Darkness will not have the last word.  The vile racist and anti-Jewish ideologies of the past that have appeared amongst us in recent days, will not have the final say.  We have overcome before. We will overcome again.  We meet in the auditorium of a middle school but do not be deceived –we are a refuge and place of empowerment. Join us and if you have been part of us, do not give up coming together.

We have a candle. We are a safe place.  We shall overcome.    ~See you Sunday

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Dial It Down

You may have noticed I have been away from the pulpit and from the blog post.  Vacation beckoned me and I responded and how glad I was to break away.  Re-creation is an important theological idea, folks.  It is interconnected with Sabbath rest and biological aspects of renewal we depend upon, like sleep!  I rested a while and frankly, not waking up each day dailed into the Trump Soap Opera was a gift.

Returned now, I am very tempted to speak to the continued shredding of our democratic core values and hopes as a diverse and unified nation.  The failure of diplomatic and mature solutions to Korea, the abysmal silence in the face of White Supremacists in Charlottesville, and the myriad other subjects that occupy us each day now since the inauguration of a White Nationalist to the Presidency of the United States.

But here is what I’d like to say to you as you begin your week:  dial it down. Turn off the news.  See if you can go twelve hours without reading any news or commentary.  In that time, dial into prayer and contemplation, rest and renewal.  Your mind really does not need to access all the information out there.  And I use “information” in its broadest sense.  Don’t tweet for a morning or an afternoon.  When you do this you recognize and honor the truth that Christ holds all things together, not any president.  When you dial it down, you turn off those dripping faucets of anger and resentment.  Take a break. Take a vacation. Take a Sabbath.  The Apostle Paul said it beautifully in his tender letter to the church at Philippi:

“Finally, brothers and sisters, whatever is true, whatever is noble, whatever is right, whatever is pure, whatever is lovely, whatever is admirable–if anything is excellent or praiseworthy–think about such things.” [4:8]  Dial it down and contemplate these things. Start today.

~See you Sunday, Pastor Bledsoe

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The Humanity of LGBT Citizens

Wednesday July 26 was a day of assault on LGBT citizens. First we heard the President of the United States declare via tweet that Transgendered persons could no longer serve in the U.S. military in any capacity.  Then we were alerted to the fact that the Justice Department under the leadership of Mr. Sessions has filed an amicus brief in a  civil rights case, arguing that Title VII of the Civil Rights Act of 1964 does not protect against job bias with reference to sexual orientation.

I pastor a church that is inclusive.  And it is inclusive not by mere rhetoric but we are blessed by LGBT persons in the life of our church at every level, from ushers to Deacons.  The humanity of these individuals is obvious and look, once a person admits that another person is a human being then it becomes virtually impossible to subject the Other to slavery, abuse or disenfranchisement.  I would plead with those in the Evangelical and Catholic communities to confess this:  LGBT citizens are fully human, deserving of the same legal protections any citizen enjoys under our constitution.  Do not lend the name of Christ to bigotry, abuse and disenfranchisement!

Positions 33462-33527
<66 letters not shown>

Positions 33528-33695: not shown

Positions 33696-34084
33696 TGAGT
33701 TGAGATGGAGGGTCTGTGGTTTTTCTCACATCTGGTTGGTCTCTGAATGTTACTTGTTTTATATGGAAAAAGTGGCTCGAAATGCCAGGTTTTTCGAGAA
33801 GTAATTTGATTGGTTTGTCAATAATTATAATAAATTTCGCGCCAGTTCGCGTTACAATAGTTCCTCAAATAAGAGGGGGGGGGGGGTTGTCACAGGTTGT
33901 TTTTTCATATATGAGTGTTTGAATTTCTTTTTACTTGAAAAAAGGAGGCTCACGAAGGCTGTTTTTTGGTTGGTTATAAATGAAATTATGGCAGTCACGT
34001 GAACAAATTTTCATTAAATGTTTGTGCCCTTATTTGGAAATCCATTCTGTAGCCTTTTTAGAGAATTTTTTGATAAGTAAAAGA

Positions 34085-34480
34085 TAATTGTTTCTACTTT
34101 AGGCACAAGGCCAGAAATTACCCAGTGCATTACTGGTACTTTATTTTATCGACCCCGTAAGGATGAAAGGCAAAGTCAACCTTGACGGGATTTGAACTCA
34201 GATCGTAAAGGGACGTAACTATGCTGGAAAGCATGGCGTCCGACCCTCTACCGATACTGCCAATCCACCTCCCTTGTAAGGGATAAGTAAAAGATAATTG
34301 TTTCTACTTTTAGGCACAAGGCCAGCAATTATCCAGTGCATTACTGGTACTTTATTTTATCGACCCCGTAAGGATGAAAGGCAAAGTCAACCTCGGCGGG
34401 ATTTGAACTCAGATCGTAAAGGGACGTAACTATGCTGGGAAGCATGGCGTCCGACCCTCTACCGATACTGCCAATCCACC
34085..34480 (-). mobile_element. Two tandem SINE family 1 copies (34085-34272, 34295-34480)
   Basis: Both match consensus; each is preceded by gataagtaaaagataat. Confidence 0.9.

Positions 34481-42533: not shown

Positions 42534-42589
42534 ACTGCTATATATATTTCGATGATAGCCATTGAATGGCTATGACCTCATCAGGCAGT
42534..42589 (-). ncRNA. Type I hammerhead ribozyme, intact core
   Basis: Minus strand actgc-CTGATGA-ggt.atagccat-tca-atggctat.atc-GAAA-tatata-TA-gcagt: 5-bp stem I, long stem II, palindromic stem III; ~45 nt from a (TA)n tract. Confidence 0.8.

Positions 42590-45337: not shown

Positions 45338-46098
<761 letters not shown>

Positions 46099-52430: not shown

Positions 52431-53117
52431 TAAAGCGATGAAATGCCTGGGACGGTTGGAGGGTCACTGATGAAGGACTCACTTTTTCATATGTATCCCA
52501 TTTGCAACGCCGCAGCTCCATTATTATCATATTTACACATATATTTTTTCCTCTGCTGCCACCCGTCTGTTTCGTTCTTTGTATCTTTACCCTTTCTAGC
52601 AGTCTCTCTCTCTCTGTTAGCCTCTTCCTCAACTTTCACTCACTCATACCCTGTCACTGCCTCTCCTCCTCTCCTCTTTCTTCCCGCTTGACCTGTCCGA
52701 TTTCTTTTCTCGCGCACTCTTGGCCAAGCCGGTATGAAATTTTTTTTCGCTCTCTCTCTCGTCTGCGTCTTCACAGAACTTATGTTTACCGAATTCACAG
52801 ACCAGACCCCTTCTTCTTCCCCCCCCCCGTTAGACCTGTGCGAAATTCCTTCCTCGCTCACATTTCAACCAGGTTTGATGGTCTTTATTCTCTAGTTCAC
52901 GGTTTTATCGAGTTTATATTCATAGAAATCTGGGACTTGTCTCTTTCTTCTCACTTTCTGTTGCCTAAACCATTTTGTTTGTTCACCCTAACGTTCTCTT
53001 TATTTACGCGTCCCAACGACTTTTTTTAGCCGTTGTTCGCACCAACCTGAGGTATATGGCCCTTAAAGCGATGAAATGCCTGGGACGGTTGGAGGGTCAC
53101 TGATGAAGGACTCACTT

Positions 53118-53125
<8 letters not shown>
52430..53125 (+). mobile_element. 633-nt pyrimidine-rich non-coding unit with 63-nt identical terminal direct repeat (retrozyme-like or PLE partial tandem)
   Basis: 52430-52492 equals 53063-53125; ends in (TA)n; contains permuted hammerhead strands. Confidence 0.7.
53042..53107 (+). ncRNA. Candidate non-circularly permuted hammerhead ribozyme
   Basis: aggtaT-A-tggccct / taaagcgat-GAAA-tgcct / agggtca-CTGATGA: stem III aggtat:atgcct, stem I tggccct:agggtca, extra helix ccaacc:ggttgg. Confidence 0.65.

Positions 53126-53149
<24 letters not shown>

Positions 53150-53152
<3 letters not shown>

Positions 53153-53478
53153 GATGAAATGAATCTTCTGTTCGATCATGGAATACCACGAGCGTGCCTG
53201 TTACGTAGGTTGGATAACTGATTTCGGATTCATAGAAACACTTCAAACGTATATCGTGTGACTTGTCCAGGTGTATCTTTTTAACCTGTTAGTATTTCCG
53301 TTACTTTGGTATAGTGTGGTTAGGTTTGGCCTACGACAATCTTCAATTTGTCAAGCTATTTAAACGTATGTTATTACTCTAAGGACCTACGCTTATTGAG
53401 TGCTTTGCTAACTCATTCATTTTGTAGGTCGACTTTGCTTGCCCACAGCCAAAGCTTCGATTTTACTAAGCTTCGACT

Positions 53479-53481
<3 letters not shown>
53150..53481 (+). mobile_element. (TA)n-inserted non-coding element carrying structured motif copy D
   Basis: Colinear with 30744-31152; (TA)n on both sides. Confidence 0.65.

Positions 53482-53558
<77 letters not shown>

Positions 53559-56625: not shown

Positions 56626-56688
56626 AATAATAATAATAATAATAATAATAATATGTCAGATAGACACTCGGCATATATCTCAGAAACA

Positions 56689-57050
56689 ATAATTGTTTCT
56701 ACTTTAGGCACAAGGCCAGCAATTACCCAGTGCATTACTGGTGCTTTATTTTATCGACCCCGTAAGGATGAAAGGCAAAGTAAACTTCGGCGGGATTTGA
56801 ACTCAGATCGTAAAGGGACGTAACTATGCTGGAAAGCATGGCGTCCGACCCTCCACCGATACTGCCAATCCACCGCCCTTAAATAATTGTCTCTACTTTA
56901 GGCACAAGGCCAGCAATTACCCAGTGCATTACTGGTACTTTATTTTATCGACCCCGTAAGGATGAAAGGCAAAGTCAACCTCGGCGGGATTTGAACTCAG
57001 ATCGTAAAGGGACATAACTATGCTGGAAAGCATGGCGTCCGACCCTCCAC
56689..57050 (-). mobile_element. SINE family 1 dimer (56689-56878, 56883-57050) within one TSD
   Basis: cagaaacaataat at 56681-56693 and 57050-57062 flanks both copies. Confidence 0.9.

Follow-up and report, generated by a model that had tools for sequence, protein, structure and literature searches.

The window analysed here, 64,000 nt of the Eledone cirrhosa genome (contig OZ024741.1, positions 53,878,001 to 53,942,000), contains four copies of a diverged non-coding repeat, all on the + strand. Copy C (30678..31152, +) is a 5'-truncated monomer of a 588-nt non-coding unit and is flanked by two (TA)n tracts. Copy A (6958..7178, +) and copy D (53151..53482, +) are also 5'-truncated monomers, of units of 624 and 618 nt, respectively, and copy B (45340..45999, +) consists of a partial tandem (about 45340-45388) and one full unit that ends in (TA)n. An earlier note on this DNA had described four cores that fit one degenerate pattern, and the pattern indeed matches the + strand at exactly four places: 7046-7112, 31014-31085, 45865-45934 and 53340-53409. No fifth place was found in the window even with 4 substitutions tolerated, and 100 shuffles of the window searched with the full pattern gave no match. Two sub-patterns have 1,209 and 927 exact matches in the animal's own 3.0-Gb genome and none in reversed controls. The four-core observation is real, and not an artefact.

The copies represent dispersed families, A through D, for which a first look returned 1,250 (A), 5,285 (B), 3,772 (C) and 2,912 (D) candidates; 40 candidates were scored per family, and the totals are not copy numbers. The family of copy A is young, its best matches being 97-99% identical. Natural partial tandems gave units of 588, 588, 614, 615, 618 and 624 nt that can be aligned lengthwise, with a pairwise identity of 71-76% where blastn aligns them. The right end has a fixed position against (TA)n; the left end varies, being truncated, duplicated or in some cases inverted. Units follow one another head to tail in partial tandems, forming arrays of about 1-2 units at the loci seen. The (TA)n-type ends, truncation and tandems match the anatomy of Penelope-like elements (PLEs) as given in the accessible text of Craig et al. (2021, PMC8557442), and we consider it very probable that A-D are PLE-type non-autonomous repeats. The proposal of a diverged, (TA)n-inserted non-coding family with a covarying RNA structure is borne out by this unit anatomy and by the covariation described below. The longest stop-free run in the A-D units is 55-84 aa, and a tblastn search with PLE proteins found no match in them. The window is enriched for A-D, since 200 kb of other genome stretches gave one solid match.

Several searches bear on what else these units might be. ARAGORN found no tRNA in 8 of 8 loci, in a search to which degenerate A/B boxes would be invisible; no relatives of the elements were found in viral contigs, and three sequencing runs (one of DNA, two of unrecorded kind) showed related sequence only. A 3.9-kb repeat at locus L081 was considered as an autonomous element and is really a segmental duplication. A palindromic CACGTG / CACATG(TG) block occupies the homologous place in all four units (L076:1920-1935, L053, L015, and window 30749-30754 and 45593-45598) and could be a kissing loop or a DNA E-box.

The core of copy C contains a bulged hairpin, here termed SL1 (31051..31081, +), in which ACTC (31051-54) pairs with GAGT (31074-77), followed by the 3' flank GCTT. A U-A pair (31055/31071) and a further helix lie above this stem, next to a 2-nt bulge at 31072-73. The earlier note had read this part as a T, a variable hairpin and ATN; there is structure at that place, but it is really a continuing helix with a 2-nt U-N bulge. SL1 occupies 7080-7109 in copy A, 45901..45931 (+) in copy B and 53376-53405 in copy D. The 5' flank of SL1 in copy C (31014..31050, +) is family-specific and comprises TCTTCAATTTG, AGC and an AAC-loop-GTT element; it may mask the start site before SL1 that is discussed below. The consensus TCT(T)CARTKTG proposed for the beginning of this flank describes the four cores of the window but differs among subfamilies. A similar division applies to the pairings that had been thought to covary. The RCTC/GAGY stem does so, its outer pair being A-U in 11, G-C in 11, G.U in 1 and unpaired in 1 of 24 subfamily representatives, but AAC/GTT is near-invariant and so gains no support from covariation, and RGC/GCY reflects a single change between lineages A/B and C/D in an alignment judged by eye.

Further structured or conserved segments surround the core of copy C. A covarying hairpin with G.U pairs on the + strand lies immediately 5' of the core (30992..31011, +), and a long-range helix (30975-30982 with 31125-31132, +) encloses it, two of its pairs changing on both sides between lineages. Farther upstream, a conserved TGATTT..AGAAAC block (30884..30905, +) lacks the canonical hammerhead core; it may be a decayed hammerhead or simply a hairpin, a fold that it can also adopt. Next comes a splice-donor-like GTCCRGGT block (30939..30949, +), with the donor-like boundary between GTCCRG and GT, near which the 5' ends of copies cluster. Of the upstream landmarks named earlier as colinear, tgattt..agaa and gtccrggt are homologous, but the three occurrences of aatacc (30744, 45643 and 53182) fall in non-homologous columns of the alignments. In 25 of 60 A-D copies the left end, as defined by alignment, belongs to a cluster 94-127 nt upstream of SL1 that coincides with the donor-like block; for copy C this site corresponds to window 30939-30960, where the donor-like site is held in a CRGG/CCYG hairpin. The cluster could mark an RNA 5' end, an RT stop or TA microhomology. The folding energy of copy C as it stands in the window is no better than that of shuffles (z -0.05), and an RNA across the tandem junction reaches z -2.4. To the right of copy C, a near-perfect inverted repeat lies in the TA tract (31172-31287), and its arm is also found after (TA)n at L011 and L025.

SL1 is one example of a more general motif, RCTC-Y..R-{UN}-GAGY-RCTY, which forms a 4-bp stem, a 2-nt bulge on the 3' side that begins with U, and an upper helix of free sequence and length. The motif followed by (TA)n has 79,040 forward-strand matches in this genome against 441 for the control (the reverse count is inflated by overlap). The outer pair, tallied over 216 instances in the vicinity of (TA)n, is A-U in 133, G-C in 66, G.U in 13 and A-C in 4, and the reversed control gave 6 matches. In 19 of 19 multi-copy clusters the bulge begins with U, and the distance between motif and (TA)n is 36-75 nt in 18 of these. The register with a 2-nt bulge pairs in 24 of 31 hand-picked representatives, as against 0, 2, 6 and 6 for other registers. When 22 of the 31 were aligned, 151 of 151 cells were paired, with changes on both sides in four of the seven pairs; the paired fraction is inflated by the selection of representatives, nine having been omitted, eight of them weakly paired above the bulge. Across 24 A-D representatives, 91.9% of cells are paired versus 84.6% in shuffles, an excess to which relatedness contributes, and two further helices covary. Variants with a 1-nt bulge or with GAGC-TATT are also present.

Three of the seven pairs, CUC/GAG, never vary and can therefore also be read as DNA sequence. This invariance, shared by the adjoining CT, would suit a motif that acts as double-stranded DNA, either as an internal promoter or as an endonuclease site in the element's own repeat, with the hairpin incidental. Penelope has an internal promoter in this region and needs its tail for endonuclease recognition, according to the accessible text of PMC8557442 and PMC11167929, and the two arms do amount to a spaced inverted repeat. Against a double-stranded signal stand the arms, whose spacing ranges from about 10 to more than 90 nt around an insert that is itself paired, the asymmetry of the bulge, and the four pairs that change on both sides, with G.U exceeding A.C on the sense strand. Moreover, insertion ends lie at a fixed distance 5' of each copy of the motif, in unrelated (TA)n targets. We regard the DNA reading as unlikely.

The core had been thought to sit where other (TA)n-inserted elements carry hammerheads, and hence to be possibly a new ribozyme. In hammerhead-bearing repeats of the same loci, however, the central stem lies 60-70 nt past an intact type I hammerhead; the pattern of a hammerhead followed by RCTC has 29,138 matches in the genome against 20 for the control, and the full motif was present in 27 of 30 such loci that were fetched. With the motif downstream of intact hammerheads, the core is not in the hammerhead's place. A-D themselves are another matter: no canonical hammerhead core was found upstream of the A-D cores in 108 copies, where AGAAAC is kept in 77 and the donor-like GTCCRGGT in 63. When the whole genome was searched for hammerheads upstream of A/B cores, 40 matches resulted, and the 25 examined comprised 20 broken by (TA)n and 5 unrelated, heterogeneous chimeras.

Speaking as a citizen, I do not take any comfort or feel any safer because a straight male is in the White House with his finger near the nuclear button.  At the end of the day, it is not his gender that makes us unsafe but it is his impulsive, cruel disposition that does so.  Let me quote Jesus, “snakes and vipers” occupy the White House and the President’s cabinet.  Repent and start living up to the spirit of our country’s sacred documents and ideals.

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The Rhythm of Spirit, the Practice of Peace

On June 3rd, about 23 of us entered the sacred space of  Bon Secours Retreat Center in Maryland for a one day retreat devoted to the practice of prayer through the Divine Office and the Lectio Divina.  We were dialed into the rhythm and phases of the day and came to understand the vital practice of praying in the morning and evening as markers along the journey. Some of us will pray at noon and others may do so at the other offices of the day. But here’s the thing–we have kindled a practice of peace, turning and redirecting ourselves from the noise and belligerence of the world around us (and obviously by now we know that the media is belligerent or to put it more precisely, it is a platform for the belligerent). Turn away.  Center down. Breathe deeply.  Read a psalm. Pray a psalm.  Chant a psalm.  Practice silence.  There is a rhythm of the Spirit and a practice of peace and how much we need this in our lives!  Otherwise, what?  Otherwise we are tossed by every wave of news and events that erupt in a day, a week, a month.  Aren’t you exhausted by that?  Of course, we all are.  Practice this rhythm of the Spirit. If you want to discuss with me how you can implement this in your life, feel free to email me and set up a time.

Gathering for worship on Sundays is also a significant part of that rhythm of Spirit and practice of peace.  You get to feel a part of the continent, of the whole; you embrace that which is greater than your self but at the same time have your singularity and uniqueness affirmed. By Song and prayer and scripture and proclamation, we are placed at the center of the celebration of our common humanity and shared humanity; we commune with the Holy One; the Good Shepherd leads us to green valleys and still waters.  Why stay away from that? Why not be part of that? Come on.  You will be welcomed here and we need you as much as you need us.  There is a rhythm of Spirit and a Practice of Peace.   ~See you Sunday